Injured Turtle Heading for Newquay Aquarium
A male Loggerhead turtle, that had been blinded is leaving Greece for a new home at the Blue Reef Aquarium in Newquay, (Cornwall, England). This rare animal, the Loggerhead turtle is officially classified as “Endangered” by the International Union for the Conservation of Nature, was deliberately blinded, probably by a Greek fisherman wishing to protect his fishing nets, has been named Homer.
Homer, thought to be aged about forty, was found floating off the Greek mainland, unable to feed or look after itself, three years ago. It is suspected that this turtle was blinded after a sharp hook was stuck into both of its eyes, it had also been wounded by a boat’s propeller. A number of turtles are attacked by fisherman in the Mediterranean each year, fearful that these large reptiles may damage their valuable fishing nets or compete with them by preying on the fish they are trying to catch.
Fortunately, a turtle rescue centre in Greece was able to take Homer in and over the next few years, this gentle animal was nursed back to health. Loggerhead turtles are so called as sailors who first encountered this marine animal thought the head was disproportionately large for the body. Reaching lengths of up to 1 metre long Loggerhead turtles are distributed worldwide, being found in both tropical and sub-tropic regions. There are two sub-species of Loggerheads, the first, is resident in the Indian and Pacific oceans, the second sub-species, Caretta caretta caretta is to be found in the Atlantic and Mediterranean.
The Loggerhead “Homer” on his Way to his New Home
Picture credit: Adam Gerrard/SWNS
A permanent home for Homer was found at the Blue Reef Aquarium in Newquay, Cornwall. This particular aquarium already has had a number of Loggerheads in its collection, mainly the result of Loggerhead turtles being washed up on Cornish beaches. Turtles are rare sights in British coastal waters but a number of species including the largest extant, the Leatherback (Dermochelys coriacea), are sometimes sited off the coasts of Britain and Ireland in the Summer months. These ancient marine reptiles visit these coastal areas following the blooms of jellyfish, as jellyfish is a staple diet of such creatures.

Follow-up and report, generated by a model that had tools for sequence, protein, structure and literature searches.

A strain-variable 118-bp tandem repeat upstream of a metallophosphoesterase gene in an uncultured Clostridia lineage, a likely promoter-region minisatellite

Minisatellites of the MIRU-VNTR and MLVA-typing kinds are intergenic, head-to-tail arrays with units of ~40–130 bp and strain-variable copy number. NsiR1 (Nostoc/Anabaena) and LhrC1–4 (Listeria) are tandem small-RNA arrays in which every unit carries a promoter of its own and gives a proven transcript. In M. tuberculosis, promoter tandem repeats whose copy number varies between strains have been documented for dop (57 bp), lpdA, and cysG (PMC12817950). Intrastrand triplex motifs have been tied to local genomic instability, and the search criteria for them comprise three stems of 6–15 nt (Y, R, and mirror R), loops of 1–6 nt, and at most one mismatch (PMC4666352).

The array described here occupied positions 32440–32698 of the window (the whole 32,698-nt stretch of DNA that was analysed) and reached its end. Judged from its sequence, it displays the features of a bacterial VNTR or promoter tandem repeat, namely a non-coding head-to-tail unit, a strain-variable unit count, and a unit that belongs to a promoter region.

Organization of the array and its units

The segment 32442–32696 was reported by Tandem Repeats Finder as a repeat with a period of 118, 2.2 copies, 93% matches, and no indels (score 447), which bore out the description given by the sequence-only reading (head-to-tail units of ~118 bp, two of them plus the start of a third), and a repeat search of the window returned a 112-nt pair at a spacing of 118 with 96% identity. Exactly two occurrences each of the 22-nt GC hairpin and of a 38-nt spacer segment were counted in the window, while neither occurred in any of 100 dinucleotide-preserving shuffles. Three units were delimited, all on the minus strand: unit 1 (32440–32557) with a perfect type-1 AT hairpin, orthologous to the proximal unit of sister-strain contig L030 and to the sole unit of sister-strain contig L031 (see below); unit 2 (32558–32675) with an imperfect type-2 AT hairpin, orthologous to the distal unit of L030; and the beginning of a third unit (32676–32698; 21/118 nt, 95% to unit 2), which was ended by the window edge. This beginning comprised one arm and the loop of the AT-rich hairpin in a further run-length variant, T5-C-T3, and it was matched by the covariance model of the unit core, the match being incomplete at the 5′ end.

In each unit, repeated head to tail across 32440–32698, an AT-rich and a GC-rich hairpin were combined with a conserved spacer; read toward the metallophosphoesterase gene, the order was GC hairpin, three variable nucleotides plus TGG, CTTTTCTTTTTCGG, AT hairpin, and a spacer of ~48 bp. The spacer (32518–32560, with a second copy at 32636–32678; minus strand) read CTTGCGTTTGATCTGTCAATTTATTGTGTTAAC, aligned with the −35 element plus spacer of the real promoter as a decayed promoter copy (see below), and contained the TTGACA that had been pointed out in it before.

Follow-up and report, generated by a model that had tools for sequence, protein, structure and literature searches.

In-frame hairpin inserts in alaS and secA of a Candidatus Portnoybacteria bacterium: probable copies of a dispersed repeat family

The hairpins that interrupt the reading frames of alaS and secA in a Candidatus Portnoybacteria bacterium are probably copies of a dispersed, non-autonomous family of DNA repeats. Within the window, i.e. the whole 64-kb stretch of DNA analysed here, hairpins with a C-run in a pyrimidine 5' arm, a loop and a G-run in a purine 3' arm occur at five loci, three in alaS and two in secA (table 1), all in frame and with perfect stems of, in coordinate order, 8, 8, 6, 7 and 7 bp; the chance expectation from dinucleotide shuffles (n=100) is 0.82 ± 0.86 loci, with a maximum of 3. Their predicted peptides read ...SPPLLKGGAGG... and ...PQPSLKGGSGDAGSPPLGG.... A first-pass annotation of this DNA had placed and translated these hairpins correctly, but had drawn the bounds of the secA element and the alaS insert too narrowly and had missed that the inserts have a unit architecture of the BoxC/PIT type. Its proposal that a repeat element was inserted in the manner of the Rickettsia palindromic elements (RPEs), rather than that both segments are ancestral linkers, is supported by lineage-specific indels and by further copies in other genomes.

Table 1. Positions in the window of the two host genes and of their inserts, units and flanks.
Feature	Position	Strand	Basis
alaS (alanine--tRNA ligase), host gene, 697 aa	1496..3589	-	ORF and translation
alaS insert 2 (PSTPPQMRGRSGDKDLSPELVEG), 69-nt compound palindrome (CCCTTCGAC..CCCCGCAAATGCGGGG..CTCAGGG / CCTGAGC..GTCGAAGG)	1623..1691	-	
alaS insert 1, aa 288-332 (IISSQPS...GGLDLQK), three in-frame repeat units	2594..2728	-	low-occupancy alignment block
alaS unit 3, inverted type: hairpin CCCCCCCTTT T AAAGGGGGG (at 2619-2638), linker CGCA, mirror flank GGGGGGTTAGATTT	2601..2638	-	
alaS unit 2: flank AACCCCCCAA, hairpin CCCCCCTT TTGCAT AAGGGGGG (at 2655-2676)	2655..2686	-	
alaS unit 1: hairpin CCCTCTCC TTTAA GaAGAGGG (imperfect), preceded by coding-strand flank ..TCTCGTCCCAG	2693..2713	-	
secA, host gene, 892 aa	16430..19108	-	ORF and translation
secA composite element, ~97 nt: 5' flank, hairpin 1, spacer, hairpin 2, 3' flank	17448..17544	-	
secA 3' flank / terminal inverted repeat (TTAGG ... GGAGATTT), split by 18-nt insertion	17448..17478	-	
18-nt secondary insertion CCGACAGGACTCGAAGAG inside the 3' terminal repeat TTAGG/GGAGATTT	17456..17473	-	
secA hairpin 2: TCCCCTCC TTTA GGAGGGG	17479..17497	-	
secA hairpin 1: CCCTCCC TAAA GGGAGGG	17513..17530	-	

Homer left Athens, travelling by British Airways in a specially constructed crate, touching down 1,500 miles later at Heathrow. He was then lovingly transported by car to his new home in Newquay, where he could live for another six decades or so.
Commenting on how Homer came to be blind, Pavlos Tsaros of the Greek turtle rescue centre stated, that some local fishermen deliberately blind turtles to protect their fishing nets, he said:
“Turtles can destroy fishing gear. It is a big cost so some fishermen do it [blind turtles] deliberately. It took a while to get him eating by himself and now he can smell the food and use his flippers to feed. He will be very happy to have a big tank and hopefully he will have a happy life.”
David Waines of the Blue Reef Aquarium said:
“It is great to be able to provide Homer with a long-term home after the ordeal he has been through. As he was unable to hunt or feed due to the severity of his injuries the decision was taken that he could not be released back into the wild.”
Homer was flown into the UK in a heated container and is spending his first few days in quarantine. He will then be released into the aquarium’s 250,000-litre main ocean tank with fish and sharks. It may take him a while to get used to his habitat but with time he will adjust to his new existence and perhaps play a role in helping to inform and educate visitors about the plight of marine turtles in the world’s oceans.